Posted on November 29th, 2016 by pajamapress
“…The Wolves Return is another book by the environmental writer/illustrator Celia Godkin….Thirteen Canadian wolves were released into Yellowstone National Park in 1995 and a further ten the following year. Enough time has now passed to fully appreciate the positive effects that the re-introduction of this one species has had on the entire ecological system. This has been a triumph of environmental science and a perfect example to cover in a book for children.
The story is written in uncomplicated language and is overwhelmingly positive in both tone and presentation. The first page describes the reaction of the animals as the wolves arrive, placing this event within the normal course of life. Then the consequences are given one at a time, including the increase of biodiversity due to the return of many plants and animals that had disappeared after the wolves were extirpated many years ago. This is not a scientific description, rather an inspiring look at the results.
The final pages of the book give the historical and scientific background of the story. There is enough information here that older children can embrace the story while even young children interested in the topic of wolves and conservation can go further and learn more. Together with the story, the addition of this material gives a complete portrayal of the issue.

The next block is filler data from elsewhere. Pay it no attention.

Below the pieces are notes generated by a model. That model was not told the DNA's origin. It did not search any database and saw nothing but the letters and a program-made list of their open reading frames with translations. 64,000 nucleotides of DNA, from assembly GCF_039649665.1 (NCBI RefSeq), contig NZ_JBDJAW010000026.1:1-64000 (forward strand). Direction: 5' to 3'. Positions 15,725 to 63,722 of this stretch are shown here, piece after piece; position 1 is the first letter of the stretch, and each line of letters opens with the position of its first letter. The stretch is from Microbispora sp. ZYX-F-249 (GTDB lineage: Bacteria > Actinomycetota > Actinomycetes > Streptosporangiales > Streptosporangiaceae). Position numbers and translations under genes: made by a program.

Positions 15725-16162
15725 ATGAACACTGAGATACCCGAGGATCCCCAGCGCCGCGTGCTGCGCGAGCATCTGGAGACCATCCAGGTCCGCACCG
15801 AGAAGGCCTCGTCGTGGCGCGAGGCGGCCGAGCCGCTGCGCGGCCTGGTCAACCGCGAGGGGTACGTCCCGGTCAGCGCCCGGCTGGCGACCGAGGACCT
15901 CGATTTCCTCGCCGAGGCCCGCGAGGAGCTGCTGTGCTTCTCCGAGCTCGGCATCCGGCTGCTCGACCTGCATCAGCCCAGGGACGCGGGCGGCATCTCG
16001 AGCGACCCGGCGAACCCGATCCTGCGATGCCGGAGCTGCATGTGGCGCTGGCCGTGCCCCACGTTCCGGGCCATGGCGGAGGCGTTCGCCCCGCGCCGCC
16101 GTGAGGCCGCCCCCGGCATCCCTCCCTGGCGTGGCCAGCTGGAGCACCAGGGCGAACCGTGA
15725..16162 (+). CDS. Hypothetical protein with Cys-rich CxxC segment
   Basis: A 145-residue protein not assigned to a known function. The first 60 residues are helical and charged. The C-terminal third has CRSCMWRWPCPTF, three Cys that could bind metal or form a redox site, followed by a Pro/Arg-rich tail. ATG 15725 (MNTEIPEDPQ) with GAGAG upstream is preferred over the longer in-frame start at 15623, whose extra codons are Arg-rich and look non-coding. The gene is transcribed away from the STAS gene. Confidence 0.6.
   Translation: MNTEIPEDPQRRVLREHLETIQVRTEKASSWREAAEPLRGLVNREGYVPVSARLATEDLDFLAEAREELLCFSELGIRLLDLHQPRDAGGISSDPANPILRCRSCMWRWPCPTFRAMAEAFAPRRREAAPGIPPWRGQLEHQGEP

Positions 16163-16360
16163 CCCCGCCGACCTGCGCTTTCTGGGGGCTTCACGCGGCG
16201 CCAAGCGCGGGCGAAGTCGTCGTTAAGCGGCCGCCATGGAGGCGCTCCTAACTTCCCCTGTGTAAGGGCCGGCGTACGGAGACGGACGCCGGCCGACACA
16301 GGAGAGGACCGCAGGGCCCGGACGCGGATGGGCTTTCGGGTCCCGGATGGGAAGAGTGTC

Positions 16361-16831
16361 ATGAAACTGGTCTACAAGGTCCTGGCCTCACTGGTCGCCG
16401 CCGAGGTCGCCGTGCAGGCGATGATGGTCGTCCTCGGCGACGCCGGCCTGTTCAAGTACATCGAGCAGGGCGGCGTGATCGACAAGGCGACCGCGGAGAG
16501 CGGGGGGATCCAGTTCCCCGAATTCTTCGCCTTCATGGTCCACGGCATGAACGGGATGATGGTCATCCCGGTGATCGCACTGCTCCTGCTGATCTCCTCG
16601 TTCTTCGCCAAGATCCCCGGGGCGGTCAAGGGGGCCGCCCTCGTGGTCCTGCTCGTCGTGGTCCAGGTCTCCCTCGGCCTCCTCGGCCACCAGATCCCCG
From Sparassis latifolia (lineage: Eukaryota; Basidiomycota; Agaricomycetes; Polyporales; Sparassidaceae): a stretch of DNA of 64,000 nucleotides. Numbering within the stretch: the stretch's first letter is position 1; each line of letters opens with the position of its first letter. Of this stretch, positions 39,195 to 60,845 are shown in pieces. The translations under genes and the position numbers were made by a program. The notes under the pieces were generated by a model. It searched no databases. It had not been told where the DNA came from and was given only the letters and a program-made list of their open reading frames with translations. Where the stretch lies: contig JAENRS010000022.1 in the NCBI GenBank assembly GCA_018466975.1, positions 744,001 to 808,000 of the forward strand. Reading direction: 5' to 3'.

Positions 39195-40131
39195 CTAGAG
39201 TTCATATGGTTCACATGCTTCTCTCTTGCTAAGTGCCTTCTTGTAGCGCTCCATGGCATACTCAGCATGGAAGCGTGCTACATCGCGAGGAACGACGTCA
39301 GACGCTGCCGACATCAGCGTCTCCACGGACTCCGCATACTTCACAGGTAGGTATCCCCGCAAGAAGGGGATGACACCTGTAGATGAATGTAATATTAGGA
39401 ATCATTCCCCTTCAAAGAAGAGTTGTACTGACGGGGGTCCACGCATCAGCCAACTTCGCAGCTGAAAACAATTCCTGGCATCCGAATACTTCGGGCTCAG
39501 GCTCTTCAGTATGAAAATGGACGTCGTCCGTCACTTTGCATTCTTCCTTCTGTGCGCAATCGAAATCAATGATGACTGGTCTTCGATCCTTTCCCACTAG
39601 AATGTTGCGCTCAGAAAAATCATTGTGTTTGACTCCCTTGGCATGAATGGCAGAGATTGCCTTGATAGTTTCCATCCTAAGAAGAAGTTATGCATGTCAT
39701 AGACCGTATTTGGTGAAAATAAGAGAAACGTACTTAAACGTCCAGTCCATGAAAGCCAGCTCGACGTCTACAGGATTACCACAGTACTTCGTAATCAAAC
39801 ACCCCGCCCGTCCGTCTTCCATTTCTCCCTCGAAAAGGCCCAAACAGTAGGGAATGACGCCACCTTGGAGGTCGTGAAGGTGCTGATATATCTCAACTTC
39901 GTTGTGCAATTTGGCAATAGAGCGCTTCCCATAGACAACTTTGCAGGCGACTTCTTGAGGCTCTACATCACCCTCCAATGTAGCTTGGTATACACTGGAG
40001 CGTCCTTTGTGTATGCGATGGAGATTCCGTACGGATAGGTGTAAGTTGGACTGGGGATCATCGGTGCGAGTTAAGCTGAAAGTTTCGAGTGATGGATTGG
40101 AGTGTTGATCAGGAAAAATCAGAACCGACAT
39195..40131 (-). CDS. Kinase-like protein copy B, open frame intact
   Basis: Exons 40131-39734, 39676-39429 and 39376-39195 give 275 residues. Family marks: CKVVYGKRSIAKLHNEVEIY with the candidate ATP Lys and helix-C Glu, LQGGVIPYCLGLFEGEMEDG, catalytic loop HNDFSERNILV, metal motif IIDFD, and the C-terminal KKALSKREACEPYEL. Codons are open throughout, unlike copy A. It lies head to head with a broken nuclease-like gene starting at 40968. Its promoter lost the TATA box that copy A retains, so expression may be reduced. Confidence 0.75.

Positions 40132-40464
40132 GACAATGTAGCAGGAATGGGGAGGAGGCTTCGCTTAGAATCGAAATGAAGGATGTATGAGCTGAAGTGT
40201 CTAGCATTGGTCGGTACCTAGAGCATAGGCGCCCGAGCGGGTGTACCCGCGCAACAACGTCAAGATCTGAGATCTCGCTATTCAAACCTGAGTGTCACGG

The illustrations are beautifully rendered, moving and evocative. They increase the emotional impact of the words, showing many creatures against the natural backgrounds of the park. Pictures make the connections more clear: trees have allowed birds to nest and reproduce, water plants have given insects and frogs places to live and hide. The interdependence of species is made explicit throughout the book adding depth and scope.
The Wolves Return is a handsome book with an uplifting environmental message, one that avoids sounding like a textbook. The book will be great addition to any personal, classroom or school library. It will appeal to anyone already interested in conservation and could appeal to many others with the reference to the highly dramatic wolves on the cover. While intended for those in the early grades, there is enough here to interest older readers.
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